For the most part, hand knitting and crocheting is portable and a designated craft area or room although not necessary for a beginning knitter certainly becomes more useful and essential as a knitter’s skill levels, projects, and yarn inventory increases. We try to keep our clothes, our mail, the cooking utensils etc. in designated areas so why not our yarn and knitting supplies?
With a designated craft area or room –
- All the yarn is in one place so we know how much and what type of yarn we have.
- Less time is wasted looking for a particular yarn stored in a different place.
- The frequency of additional yarn purchase may decrease.
- There is motivation to try more challenging knitting projects and to keep better project details and notes.
- The non – knitters in the household will be thankful they don’t have to see yarn stored in different places.
There are several craft area/room tours by both professional and hobby knitters on YouTube that give some helpful tips on how to create a designated craft area or room. I’m still working on creating a designated craft area where I can keep all my yarn and knitting supplies.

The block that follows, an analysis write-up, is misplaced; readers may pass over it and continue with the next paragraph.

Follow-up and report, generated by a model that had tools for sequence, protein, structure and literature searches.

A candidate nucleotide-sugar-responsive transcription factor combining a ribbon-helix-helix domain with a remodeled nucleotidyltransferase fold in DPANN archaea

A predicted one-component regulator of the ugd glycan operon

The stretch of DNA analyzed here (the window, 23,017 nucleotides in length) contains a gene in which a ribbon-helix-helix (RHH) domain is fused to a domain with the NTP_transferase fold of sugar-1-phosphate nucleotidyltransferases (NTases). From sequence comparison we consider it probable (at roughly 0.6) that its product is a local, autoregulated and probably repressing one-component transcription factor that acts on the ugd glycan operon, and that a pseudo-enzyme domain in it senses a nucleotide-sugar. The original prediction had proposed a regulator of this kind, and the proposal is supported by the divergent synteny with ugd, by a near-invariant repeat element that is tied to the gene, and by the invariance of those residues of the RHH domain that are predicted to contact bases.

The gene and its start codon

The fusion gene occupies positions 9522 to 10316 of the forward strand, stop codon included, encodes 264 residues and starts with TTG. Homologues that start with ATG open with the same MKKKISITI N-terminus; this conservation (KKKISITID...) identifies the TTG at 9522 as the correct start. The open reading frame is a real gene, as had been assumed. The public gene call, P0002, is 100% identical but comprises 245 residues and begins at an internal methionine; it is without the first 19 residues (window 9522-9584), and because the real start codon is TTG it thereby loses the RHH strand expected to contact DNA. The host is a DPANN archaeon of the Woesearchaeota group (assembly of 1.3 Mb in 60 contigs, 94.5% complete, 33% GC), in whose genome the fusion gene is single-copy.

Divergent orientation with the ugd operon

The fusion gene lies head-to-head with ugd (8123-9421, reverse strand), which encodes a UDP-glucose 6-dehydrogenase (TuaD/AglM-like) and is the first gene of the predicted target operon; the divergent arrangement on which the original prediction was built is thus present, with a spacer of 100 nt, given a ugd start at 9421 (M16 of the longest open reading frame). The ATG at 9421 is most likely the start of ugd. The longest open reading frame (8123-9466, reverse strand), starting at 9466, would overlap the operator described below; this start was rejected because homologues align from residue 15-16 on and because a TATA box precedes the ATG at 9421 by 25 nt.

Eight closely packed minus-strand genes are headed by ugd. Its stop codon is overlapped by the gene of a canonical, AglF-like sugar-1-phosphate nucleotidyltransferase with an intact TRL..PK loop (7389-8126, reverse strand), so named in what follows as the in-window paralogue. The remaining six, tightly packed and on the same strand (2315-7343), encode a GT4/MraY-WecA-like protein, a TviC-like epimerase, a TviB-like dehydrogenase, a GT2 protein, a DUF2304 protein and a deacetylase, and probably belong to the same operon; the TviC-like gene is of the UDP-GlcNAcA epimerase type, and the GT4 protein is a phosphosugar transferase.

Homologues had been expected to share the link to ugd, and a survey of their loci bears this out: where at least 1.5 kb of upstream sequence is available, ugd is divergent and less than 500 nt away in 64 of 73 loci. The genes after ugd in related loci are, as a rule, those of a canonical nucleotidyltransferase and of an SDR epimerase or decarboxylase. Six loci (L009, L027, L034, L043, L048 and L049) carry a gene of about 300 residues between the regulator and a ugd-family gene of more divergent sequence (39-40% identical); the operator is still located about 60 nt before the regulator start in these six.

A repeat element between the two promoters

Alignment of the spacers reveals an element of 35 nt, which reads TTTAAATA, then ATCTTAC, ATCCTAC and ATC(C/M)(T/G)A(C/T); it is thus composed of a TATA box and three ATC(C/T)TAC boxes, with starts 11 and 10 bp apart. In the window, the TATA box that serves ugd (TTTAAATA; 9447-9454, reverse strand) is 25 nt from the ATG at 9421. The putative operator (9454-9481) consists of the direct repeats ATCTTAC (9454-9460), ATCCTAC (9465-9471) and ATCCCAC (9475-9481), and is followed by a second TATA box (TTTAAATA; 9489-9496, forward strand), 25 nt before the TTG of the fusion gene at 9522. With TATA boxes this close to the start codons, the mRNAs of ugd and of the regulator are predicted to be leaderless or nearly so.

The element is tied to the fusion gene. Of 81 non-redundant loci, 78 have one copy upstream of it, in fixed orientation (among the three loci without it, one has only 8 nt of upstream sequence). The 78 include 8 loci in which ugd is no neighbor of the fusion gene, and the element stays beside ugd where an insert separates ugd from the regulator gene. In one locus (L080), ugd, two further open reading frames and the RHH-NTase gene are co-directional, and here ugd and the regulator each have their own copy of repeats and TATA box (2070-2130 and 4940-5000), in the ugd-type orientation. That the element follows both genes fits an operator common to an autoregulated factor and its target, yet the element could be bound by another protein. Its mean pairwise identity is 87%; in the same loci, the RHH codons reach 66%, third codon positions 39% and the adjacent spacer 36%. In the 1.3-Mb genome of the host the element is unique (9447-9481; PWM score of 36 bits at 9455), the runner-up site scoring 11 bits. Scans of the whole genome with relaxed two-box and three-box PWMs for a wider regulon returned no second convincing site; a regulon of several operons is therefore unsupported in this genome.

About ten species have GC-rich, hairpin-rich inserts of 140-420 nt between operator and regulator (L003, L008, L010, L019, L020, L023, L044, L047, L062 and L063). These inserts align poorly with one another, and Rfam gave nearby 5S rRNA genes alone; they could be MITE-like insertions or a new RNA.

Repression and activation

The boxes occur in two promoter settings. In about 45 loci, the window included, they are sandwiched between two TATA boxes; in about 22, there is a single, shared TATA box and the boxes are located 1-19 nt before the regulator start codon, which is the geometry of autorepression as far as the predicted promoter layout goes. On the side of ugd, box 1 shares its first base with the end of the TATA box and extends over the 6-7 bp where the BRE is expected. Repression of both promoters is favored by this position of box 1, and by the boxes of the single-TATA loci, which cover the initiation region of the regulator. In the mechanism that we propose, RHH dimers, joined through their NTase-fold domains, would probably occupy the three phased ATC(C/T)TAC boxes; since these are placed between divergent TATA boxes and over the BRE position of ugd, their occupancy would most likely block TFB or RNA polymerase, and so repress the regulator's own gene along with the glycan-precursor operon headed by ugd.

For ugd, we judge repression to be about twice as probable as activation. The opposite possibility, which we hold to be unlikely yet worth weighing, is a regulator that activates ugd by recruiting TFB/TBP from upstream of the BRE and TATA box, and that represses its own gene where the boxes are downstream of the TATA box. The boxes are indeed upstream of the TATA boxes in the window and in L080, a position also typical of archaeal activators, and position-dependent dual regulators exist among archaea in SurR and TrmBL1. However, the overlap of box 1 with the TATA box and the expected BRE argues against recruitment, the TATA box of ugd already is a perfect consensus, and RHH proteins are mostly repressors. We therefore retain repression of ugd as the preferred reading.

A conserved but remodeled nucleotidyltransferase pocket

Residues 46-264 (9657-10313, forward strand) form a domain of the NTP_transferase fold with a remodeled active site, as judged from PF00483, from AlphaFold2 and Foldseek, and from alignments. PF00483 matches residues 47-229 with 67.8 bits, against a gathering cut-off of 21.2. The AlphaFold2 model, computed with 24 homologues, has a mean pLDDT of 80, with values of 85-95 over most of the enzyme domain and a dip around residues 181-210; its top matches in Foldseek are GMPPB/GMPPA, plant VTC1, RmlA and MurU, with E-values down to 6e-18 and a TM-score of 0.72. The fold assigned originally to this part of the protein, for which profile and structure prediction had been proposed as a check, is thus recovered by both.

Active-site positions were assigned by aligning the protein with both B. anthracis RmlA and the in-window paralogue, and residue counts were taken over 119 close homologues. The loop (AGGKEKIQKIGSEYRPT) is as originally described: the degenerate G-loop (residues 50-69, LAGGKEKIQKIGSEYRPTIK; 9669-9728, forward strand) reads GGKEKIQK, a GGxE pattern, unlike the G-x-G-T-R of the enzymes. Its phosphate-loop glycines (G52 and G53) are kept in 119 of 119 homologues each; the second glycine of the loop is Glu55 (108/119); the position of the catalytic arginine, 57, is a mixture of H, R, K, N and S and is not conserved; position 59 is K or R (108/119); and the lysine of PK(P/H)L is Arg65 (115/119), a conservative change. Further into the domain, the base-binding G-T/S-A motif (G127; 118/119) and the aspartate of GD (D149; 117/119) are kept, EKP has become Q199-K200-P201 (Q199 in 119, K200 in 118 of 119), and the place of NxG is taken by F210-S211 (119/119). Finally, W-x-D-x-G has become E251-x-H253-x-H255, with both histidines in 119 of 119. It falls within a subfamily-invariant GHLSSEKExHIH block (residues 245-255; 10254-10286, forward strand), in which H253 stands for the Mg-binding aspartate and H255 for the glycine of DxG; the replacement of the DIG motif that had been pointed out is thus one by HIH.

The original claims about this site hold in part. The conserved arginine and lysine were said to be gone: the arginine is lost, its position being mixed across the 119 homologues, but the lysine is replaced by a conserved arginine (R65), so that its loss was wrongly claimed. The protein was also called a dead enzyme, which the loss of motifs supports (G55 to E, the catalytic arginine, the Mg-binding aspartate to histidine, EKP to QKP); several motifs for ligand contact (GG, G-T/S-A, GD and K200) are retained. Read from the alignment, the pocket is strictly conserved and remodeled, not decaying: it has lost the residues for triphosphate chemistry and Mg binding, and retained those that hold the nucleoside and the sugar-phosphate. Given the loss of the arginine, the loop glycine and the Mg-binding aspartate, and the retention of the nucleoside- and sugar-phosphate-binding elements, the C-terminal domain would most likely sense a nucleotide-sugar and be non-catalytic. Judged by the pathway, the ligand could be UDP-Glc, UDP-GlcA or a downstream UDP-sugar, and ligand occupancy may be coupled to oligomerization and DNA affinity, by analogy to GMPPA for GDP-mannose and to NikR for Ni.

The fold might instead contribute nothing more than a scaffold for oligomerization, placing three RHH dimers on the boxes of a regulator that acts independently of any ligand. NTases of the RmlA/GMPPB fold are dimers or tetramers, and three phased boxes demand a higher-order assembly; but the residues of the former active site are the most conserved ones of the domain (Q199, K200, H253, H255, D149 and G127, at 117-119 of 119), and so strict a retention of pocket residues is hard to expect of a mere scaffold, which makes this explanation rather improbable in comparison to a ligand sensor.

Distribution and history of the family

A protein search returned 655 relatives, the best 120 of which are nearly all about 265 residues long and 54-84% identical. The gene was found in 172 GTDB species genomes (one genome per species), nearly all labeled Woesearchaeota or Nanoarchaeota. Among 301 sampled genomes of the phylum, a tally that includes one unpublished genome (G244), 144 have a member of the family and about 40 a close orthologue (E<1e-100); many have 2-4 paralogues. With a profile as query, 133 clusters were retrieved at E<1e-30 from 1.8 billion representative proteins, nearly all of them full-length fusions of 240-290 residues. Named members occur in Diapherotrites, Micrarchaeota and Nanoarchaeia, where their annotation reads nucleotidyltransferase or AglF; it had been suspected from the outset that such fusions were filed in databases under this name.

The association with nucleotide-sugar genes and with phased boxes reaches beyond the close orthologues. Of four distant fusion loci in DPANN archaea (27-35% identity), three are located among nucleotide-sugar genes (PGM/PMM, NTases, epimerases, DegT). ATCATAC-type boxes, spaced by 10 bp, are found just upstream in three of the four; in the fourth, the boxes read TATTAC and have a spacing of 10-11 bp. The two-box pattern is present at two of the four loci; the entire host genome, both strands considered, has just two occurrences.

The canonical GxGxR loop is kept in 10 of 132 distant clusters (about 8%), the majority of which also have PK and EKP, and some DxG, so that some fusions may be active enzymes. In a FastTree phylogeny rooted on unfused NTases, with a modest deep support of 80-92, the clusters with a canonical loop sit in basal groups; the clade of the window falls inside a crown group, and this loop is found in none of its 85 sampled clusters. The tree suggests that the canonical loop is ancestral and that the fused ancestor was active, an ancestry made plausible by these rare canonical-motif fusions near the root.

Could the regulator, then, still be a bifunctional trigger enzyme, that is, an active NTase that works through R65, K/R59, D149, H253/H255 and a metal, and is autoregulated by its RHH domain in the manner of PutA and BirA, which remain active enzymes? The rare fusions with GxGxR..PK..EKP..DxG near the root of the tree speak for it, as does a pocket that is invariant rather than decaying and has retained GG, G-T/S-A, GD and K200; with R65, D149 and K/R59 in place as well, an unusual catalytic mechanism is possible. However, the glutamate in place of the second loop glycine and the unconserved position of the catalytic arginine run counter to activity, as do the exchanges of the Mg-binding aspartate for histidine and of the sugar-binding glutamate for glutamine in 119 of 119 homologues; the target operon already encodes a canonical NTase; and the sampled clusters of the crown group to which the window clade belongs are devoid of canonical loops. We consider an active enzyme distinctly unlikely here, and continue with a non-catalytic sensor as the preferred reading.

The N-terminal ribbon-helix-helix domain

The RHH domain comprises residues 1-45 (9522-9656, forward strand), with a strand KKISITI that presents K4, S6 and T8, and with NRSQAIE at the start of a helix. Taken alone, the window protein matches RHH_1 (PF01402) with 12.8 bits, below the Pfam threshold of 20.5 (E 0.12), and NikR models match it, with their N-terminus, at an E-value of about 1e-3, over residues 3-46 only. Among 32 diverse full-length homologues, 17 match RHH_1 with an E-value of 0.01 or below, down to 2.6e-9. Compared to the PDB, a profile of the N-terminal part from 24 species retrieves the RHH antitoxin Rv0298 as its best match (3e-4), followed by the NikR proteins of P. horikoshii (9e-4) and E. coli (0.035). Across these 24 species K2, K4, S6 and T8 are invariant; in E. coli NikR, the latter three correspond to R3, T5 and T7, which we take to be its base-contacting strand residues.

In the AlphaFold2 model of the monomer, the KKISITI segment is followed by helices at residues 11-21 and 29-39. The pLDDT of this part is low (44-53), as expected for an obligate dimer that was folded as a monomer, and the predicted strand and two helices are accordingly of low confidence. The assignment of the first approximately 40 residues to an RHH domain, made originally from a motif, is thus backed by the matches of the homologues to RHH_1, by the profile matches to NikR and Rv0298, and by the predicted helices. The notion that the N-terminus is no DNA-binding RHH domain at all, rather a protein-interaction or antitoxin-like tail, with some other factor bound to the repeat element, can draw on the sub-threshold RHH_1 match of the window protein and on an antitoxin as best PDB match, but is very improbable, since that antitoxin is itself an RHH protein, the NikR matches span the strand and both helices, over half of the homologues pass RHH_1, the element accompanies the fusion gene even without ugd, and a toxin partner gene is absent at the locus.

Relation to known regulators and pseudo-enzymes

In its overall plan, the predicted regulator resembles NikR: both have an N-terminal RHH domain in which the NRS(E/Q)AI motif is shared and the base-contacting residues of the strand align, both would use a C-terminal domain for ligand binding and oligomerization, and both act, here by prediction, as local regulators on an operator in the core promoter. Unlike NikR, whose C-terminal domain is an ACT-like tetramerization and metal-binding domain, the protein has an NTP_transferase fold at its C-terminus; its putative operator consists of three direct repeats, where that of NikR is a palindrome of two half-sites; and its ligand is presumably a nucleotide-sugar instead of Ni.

All the hat patterns I’ve knitted so far (some earlier posts here and here) have been bottom up and seamless. The brim of the hat is knitted first, then the body and lastly the crown shaping. With top down hats the crown shaping is knitted first, then the body and lastly the brim.
After reading and watching several online tutorials on how to knit a top down seamless hat, I cast on 8 stitches and began knitting the hat using the magic loop method (tutorial by Tin Can knits). I increased 8 stitches every other round till I had the number of stitches I needed. I knit the body of the hat in stockinette stitch pattern for several rounds and then knitted the brim using 2 x 2 ribbing pattern.
Once I got used to the magic loop method, knitting the hat with using a top down construction was not hard. I started and finished knitting this hat in December 2017 but found it a bit short without the brim rolled up.
I frogged a few rounds of the brim and knitted till the length of the brim was twice as much as before. Now the hat fits much better.
It seems that enough brim length when rolled up makes the hat fit better even if the body of the hat is a bit short or a bit long. Because of the direction of the knitting, it is faster and easier to increase the brim length if needed in a top down hat than it is in a bottom up hat.
Knit-along by Hannah Wallace in Knit Simple Magazine, Holiday 2017 issue.
February 2018 square: Project details on my Ravelry project page